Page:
In February 2018, the fiction became reality for some residents in the province of Salta, northern Argentina, after heavy rains caused the Bermejo and Pilcomayo river to overflow. The flooding resulted in one fatality, required the evacuation of hundreds of residents, and washed a segment of Provincial Route 54, leaving the village of Santa Victoria del Este completely stranded.

Similarly, a segment of National Route 5 in one of the main corridors of Mercosur has been impassable for more than a year because the level of the Picassa lagoon keeps rising due to extreme rainfall and lack of coordination among provinces on how to deal with excess water flows. The expansion of the lagoon is forcing 4,000 vehicles a day to make a 165-km detour, and adds one transit day for the 1,560 freight trains running every year between Buenos Aires and Mendoza. The flooding is dragging the economy behind and inflating already high logistics costs.

As a matter of fact, a recent World Bank study put the cost of damages and disruptions like these at an estimated 0.34% of GDP a year for riverine flooding, plus 0.32% of the GDP for urban flooding.

To address these risks, Argentina’s Ministry of Transport started a dialogue with the World Bank to explore ways of reducing the vulnerability of the network.

Creating markets in Timor-Leste through a landmark port PPP

Christopher Bleakley's picture



As recently as 2006, Timor-Leste was in crisis. Only a few years into independence, the country was torn by riots and political turmoil. Not surprisingly, its business climate was one of the region’s worst.

But Timor-Leste’s fortunes have changed dramatically. Income from oil, coupled with greater stability and a long-term economic plan, led the World Bank to describe the country’s social and economic development as remarkable. Nonetheless, Timor-Leste remains a fragile state, and with oil accounting for 80 percent of GDP, it is the world’s second most oil-dependent nation.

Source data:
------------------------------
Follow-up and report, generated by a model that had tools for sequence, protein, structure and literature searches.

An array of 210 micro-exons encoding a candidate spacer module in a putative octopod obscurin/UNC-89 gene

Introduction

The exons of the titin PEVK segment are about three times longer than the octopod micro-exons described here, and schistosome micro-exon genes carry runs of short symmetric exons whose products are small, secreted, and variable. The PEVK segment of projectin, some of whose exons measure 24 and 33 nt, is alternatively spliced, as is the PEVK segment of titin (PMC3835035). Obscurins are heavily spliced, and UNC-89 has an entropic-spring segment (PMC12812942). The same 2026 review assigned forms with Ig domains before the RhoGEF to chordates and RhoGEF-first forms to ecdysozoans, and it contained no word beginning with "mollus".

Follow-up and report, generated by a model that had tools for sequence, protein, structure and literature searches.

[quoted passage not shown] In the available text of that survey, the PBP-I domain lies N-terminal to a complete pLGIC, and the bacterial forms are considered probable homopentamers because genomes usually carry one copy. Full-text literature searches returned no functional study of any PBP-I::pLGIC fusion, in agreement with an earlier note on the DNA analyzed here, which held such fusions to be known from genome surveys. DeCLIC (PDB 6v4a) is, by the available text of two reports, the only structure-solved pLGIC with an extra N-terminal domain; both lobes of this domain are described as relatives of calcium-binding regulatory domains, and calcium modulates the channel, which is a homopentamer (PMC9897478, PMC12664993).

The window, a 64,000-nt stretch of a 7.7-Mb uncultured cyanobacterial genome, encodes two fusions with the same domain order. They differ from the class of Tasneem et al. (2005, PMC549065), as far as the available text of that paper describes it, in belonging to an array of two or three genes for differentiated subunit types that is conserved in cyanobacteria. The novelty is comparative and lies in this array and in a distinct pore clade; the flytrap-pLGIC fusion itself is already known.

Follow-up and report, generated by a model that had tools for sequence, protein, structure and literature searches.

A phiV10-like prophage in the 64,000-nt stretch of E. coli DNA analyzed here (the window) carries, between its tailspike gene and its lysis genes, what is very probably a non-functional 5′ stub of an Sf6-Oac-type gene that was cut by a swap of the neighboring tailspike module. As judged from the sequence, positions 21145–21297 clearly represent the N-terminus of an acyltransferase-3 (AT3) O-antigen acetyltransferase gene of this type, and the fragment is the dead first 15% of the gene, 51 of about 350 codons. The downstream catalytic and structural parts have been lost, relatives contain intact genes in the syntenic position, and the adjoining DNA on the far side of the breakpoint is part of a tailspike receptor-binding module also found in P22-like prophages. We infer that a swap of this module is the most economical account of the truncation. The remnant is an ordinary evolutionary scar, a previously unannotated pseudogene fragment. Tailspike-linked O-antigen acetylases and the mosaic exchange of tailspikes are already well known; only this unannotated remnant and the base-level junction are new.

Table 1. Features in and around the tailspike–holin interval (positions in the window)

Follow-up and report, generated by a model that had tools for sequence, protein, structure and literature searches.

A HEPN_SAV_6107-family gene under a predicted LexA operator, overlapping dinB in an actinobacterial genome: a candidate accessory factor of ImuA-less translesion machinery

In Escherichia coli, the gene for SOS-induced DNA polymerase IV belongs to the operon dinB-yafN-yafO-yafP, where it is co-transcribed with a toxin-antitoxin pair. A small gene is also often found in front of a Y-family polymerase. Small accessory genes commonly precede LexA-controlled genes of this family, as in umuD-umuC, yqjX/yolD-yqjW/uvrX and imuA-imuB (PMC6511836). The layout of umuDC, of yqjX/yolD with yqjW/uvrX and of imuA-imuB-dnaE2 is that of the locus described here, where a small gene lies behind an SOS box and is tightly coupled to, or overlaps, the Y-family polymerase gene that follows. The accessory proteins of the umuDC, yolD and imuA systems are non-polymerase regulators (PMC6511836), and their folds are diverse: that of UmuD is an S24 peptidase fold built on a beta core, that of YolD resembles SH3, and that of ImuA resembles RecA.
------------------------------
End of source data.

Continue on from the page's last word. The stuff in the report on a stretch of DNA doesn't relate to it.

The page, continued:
Beating the odds? How PPPs fare in fragile countries.

Fernanda Ruiz Nunez's picture



While discussion about Maximizing Finance for Development (MFD) is ramping up with governments and the international development community to seek innovative approaches to mobilize more private sector investment in developing countries, there is a group of countries with an additional layer of complex challenges.

It brings me no pleasure to say this, but a fair number of countries have economic and financial conditions, business environments, and rule of law that are almost always weak. Clearly, these conditions significantly increase the risks of investing in infrastructure for the private sector; consequently, the markets for public-private partnerships (PPPs) tend to be less developed.

New report on private capital for infrastructure in the poorest countries: 2017 a stellar year

Deblina Saha's picture



What do Bangladesh, Honduras, and Senegal have in common?

They all have per capita Gross Net Income below $1,165, allowing them to borrow from the World Bank’s International Development Association (IDA) that provides concessional financing to the world’s poorest countries. There are 72 other such IDA-eligible countries.

IDA countries face many complex challenges in the new global economy, including underdeveloped infrastructure, inadequate access to basic services, and a lack of affordable financing.  IDA support simply is not enough to resolve the myriad of complexities in these countries, and governments need to seek alliances with the private sector—especially when it comes to building infrastructure sustainably.

Building bridges: cities helping cities achieve more – a Romanian-Japanese partnership

Marcel Ionescu-Heroiu's picture
The central square of the old town. Brasov
Photo: The central square of the old town. Brasov. Transylvania. By Ann Stryzhekin/ Shutterstock
When U.S. Commodore Matthew Perry arrived in Yokohama in 1854, it was a backwater village in Japan with a largely rural, relatively undeveloped economy. But it soon grew to an urban agglomeration with around 3.7 million people. Since then, Yokohama has managed to continuously reinvent itself – from a port city, to a large industrial area, and now to a modern, global service and lifestyle hub.
 
Within a century, Japan would become the world’s second largest economy. Its growth has been fueled by cities such as Tokyo, Yokohama, Osaka, and Kobe. Japanese cities can offer a myriad of lessons to their counterparts in developing countries.
 
Japanese cities are also at the forefront of dealing with some of the world’s most pressing challenges. For example, cities like Osaka and Toyama have developed a number of tools to address the social issues caused by rapid aging. Most developed and developing cities in the world will face similar challenges in the years to come. Providing a platform where these cities can learn from the experience of Japanese cities may lead to significant development impact.
 
Supported by a partnership between the World Bank and Japan, the Tokyo Development Learning Center (TDLC) does just that.